Submission - Unofficial Unified BART/Muni Metro Map by Jamison Wieser
Submitted by Jamison, who says:
I don’t want to share this map as much as the concept behind it.
San Francisco’s Muni Metro light-rail system and the regional BART heavy-rail system share a subway under Market Street and the five busiest rail stations in the Bay Area. They share a subway, but side-by-side the system maps with radically different designs that don’t share anything in common besides the names of the station.
There are 10 lines between the two agencies and between the two maps, 4 of the colors used are duplicated. Topping that off, neither actually refers to the lines by the color. Muni lines have a letter and name, like the N-Judah. BART refers to trains by their destination, which means figuring out where a Richmond train goes means finding Richmond and backtracking along the map. Nearly every time I fly back home I meet a first time visitor who’s confused when the train is announced as a “Pittsburg/BayPoint train” instead of a Yellow line train they expect from the map.
I didn’t want to rename lines so much as just group them into color coded categories based on which subway corridors they run through in Oakland and San Francisco.
It’s exactly how Boston represents branches of the Green.
Muni’s JKLMN lines through Market Street get merged into the “Orange line” and what we called a line before becomes a branch; so the N-Judah line becomes the N-Judah branch of the Orange line. I choose orange for a couple reasons including the fact that the San Francisco Giant’s ballpark sits along it and it was Muni’s brand color at the time the Metro subway opened. The T-Third Street will be running north-south through a new subway under construction to Chinatown and for all the cultural connections and branding reasons the T was given the color red: I just dropped the letter name. At least as long as there isn’t another branch of it.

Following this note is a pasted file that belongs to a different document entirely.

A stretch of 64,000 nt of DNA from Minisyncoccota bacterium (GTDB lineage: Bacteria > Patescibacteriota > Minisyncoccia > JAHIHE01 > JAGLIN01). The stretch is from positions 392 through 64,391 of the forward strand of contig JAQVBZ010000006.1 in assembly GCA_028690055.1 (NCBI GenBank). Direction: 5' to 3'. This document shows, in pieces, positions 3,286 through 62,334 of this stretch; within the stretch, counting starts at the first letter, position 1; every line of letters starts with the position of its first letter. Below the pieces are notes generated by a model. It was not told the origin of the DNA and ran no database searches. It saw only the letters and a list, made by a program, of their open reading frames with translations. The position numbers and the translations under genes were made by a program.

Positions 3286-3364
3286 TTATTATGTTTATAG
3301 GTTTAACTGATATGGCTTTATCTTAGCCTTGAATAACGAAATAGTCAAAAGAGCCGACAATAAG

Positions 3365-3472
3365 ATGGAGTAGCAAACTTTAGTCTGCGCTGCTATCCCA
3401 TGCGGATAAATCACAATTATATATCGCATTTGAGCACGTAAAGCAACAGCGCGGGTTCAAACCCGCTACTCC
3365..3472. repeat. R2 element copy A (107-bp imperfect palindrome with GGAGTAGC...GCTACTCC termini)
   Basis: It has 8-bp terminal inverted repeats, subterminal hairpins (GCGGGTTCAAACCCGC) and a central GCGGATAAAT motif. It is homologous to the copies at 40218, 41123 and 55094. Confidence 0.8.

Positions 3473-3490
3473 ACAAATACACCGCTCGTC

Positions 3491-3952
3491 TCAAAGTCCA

I narrowed BART from 5 lines to 3 and with only two of the lines branching I didn’t over-complicate it. The Richmond Line, becomes the Richmond brand of the Green Line. I chose the colors here so the Oakland A’s would be served by the team colors green and yellow, and like Berkeley would be served by Cal’s team colors Yellow and Blue (OK, it’s a different, but…)
I’d like you know what you think of this idea?
Transit Maps says:
There’s a lot to be said for unified transit maps — people just want to know how to get from place to place, without the barriers put in place by two (or more) separate maps getting in their way. With the Clipper Card, the transit systems of the Bay Area are becoming increasingly integrated, so some sort of joint map makes great sense.